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Health and safety at work: Priorities and gender challenges

Social Europe & Jobs

Health and safety at work: Priorities and gender challenges


ETUI Senior Researcher Aida Ponce talks to ETUC Confederal Secretary Esther Lynch about the priorities and gender challenges that employees face at their workplace.


I am here with Esther Lynch, Confederal Secretary at European Trade Union Confederation. Today we are going to speak about working conditions and occupational health and safety and her top priorities during the upcoming months and years. Thank you very much for being here with us. Would you please briefly describe your top priorities as a Confederal Secretary?

The top priorities for the ETUC for the coming years are to improve health and safety for all workers in Europe. We have a couple of themes within health and safety that we are working on this year. One of those is work-related cancer. Another is to improve the situation in relation to psychosocial risks and vascular skeletal disorders and also to try and empower health and safety reps in the workplace. We want to focus on both men and women in their workplaces.

You mentioned the gender issue in occupational health and safety. One would tend to think that where occupational health and safety and working conditions are concerned, men and women are protected equally. Isn’t that the case?

I think the biggest problem that women have in relation to health and safety is having their situation recognised as being different to men. Often, risk assessments don’t take into account the differences between either the work that women do or the impact of the work on women. For example, you often see that machines aren’t designed for women’s work, personal protective equipment doesn’t fit, but also in risk assessments it’s almost invisible the fact that women do a lot of work that has the same impact. So for example, care workers who often lift very heavy loads, women working with chemicals at the end of the process, are issues that are often not recognised. So you will see a good risk assessment on where the chemical is being made but not so much of a risk assessment on where the women, for example, in cleaning or in other industries are using the chemicals at the end of the process.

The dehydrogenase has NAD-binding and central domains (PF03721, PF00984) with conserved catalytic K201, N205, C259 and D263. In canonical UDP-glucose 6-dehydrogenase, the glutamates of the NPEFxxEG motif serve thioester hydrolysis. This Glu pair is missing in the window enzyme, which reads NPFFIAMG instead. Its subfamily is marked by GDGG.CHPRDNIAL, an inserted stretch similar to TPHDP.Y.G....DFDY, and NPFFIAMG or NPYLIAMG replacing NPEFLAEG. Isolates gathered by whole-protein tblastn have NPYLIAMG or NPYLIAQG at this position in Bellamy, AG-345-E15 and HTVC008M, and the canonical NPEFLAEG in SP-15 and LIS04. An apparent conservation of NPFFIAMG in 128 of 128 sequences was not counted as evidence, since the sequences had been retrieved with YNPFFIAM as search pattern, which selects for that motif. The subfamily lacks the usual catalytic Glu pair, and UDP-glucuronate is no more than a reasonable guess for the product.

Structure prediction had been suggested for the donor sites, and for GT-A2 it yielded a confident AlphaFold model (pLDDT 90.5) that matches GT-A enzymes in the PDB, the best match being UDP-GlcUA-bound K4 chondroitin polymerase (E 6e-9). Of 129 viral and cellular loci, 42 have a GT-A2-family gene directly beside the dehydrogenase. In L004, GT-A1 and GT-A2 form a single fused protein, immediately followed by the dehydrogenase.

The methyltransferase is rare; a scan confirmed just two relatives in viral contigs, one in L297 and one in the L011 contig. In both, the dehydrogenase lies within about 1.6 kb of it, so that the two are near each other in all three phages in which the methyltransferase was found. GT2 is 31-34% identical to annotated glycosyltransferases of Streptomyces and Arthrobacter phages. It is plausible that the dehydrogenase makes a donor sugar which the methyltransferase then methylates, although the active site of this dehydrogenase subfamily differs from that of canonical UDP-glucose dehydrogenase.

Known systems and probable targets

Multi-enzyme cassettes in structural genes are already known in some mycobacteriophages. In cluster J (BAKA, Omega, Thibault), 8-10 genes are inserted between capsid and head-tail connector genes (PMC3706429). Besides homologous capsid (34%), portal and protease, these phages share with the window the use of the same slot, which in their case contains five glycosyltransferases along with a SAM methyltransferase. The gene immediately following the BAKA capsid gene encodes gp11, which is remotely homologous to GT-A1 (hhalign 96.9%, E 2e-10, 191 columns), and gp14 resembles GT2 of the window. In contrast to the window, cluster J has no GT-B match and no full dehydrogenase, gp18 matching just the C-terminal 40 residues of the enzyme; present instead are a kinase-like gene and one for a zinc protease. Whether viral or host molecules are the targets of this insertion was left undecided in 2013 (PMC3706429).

I wonder if you could, as ETUC Confederal Secretary, provide some ideas and what would you suggest unions do within the gender issue and in order to keep women’s health protected in a better way?

What we know for sure is that trade union health and safety committees make workplaces safer. So what’s absolutely critical is to include women within those health and safety committees and really to encourage a lot more women to come forward and to participate, to give them the skills so that they can do that. But also, we need a lot more research. So for example, work-related breast cancer. The biggest cancer-related cause of death for women in Europe is breast cancer. But we know very little about the work-related aspects of this. What we know is that risk factors include night work, shift work, but also some chemicals. And yet, very little information is available and most importantly we don’t know what advice we can give to women to protect themselves properly at work from work-related breast cancers. Other pieces that we are missing are information for pregnant workers in relation to endocrine disrupters, reprotoxic chemicals. So there is a lot of information that we need, a lot more research that we need. What we know for sure is that trade-union-led health and safety keeps workers safe. So it is important that women are encouraged to come forward and to be part of those committees.

Well, Esther, thank you very much for being here with us and for pointing out the different challenges. We hope to have you again at ETUI. For those who would like to know more about the topic, we have published the recent HesaMag on gender, work and health. It is available to read on the ETUI website.